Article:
Research finds clue to decoding retinal signals for better bionic eyes

Retinal prosthetics, like bionic eyes, currently don’t produce sharp, accurate pictures, but researchers at Duke University and York University may have found a piece of the puzzle that could improve messages between the prosthetic and the brain, resulting in better images.

Joel Zylberberg

Joel Zylberberg

Assistant Professor Joel Zylberberg of the Faculty of Science, a co-author on a study led by Duke University and a core member of York’s Vision: Science to Applications, looked at how the retina adapts to varying intensities of light, from daylight to evening light, and whether the brain needs to account for those changes to correctly interpret the retinal output – what we see.

What they found is that the brain needs to account for changes in the correlations between retinal ganglion cells (the propensity of pairs of cells to be co-active) at all light levels. If it doesn’t, then its information processing will be severely disrupted and so will our sight.

“Between night and day, there is a trillion-fold change in light intensity. The retina adapts to this change, altering the patterns of neural activity that the retina generates and sends down the optic nerve to tell the brain what the eye is seeing,” says Zylberberg, Canada Research Chair in Computational Neuroscience.

This is important if optimal encoders, used in retinal prosthetics, are to produce good, accurate images under low-and high-light levels. Encoders need to account for how the brain will interpret the signals sent by those encoders. By showing that the brain must account for retinal adaptation, this research shows that the encoders should mimic the retina’s adaptation. Otherwise, there would be a mismatch between the signals sent by the prosthetic, and the ones expected by the brain.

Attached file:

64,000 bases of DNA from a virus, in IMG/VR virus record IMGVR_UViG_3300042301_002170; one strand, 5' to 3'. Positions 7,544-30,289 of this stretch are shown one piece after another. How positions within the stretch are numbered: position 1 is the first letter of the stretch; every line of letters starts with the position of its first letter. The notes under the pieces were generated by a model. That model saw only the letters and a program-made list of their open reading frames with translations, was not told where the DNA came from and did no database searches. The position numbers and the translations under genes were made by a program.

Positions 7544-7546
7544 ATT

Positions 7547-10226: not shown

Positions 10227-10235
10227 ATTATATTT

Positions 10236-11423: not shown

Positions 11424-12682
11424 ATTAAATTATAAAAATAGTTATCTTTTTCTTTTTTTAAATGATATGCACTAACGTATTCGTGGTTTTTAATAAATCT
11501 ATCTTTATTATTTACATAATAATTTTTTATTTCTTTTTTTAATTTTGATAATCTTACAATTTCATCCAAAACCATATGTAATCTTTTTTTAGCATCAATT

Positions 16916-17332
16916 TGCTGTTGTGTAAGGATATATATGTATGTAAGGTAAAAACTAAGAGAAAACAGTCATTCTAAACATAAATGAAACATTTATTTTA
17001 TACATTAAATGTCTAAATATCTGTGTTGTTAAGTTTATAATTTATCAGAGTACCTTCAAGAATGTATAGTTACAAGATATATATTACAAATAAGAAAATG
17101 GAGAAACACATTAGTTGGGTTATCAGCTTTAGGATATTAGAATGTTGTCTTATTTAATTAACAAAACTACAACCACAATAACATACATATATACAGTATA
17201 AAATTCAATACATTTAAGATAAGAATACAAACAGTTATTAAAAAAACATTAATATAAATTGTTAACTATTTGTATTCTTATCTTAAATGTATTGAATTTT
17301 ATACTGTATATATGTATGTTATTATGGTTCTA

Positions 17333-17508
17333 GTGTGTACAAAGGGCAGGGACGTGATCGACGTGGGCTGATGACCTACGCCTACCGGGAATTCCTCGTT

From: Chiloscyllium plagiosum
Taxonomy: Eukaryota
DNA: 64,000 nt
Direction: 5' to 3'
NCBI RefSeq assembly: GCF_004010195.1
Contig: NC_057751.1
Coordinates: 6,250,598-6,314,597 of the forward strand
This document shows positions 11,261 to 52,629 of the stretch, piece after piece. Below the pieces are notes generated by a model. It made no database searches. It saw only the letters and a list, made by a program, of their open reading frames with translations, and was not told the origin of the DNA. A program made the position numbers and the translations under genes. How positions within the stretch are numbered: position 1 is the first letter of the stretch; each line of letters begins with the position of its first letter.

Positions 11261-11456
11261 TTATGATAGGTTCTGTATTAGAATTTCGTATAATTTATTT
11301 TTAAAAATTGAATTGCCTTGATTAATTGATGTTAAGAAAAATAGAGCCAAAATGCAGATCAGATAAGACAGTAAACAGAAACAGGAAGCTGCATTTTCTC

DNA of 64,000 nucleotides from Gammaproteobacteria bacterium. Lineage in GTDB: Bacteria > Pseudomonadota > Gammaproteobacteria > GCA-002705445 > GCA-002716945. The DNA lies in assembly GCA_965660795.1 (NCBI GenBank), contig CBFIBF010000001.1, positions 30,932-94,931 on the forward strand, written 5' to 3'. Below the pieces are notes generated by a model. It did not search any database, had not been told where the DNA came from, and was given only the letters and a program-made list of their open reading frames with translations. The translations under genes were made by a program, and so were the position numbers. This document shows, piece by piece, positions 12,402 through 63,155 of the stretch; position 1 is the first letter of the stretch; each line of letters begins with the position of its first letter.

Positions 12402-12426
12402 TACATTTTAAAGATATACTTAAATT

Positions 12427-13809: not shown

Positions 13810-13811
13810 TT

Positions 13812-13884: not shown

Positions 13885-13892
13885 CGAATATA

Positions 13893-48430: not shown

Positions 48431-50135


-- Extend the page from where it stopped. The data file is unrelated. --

Previously, researchers had largely thought that the brain did not need to account for these correlations. One reason for that is that they studied only a single light level, typically a brighter one, and not the changes between different light levels.

The researchers, including Duke University grad student Kiersten Ruda, who led the study using a rat model, and Assistant Professor Gred Field of Duke University, show that accounting for correlations among retinal ganglion cells during low-light conditions improved decoding performance up to 100 per cent.

“This work could have strong implications for brain-machine interface technologies that process signals recorded in the nervous system as these are analogous in many ways to the brain processing the signals it receives from the retina,” says Zylberberg.

That includes things like robotic limbs that are controlled by the brain where implanted electrodes record neural activities in the motor cortex, and a decoder tries to guess what movement the person wanted to do, based on those signals.

Success here requires good decoding of movement intention from recorded neural signals similar to our work on trying to decode the visual stimulus from recorded retinal neural signals.

In robotic limbs, current decoding doesn't make use of the correlations between neurons, however, like retina adaptation, the correlations between neurons in the cortex change a lot with a person's behavioural state.

“Our research shows under what circumstances it’s necessary to account for noise correlations in the retina. It also shows that sensory adaptation can have a large impact on decoding requirements on downstream brain areas,” he says.

The research, “Ignoring correlated activity causes a failure of retinal population codes,” is published in Nature Communications.

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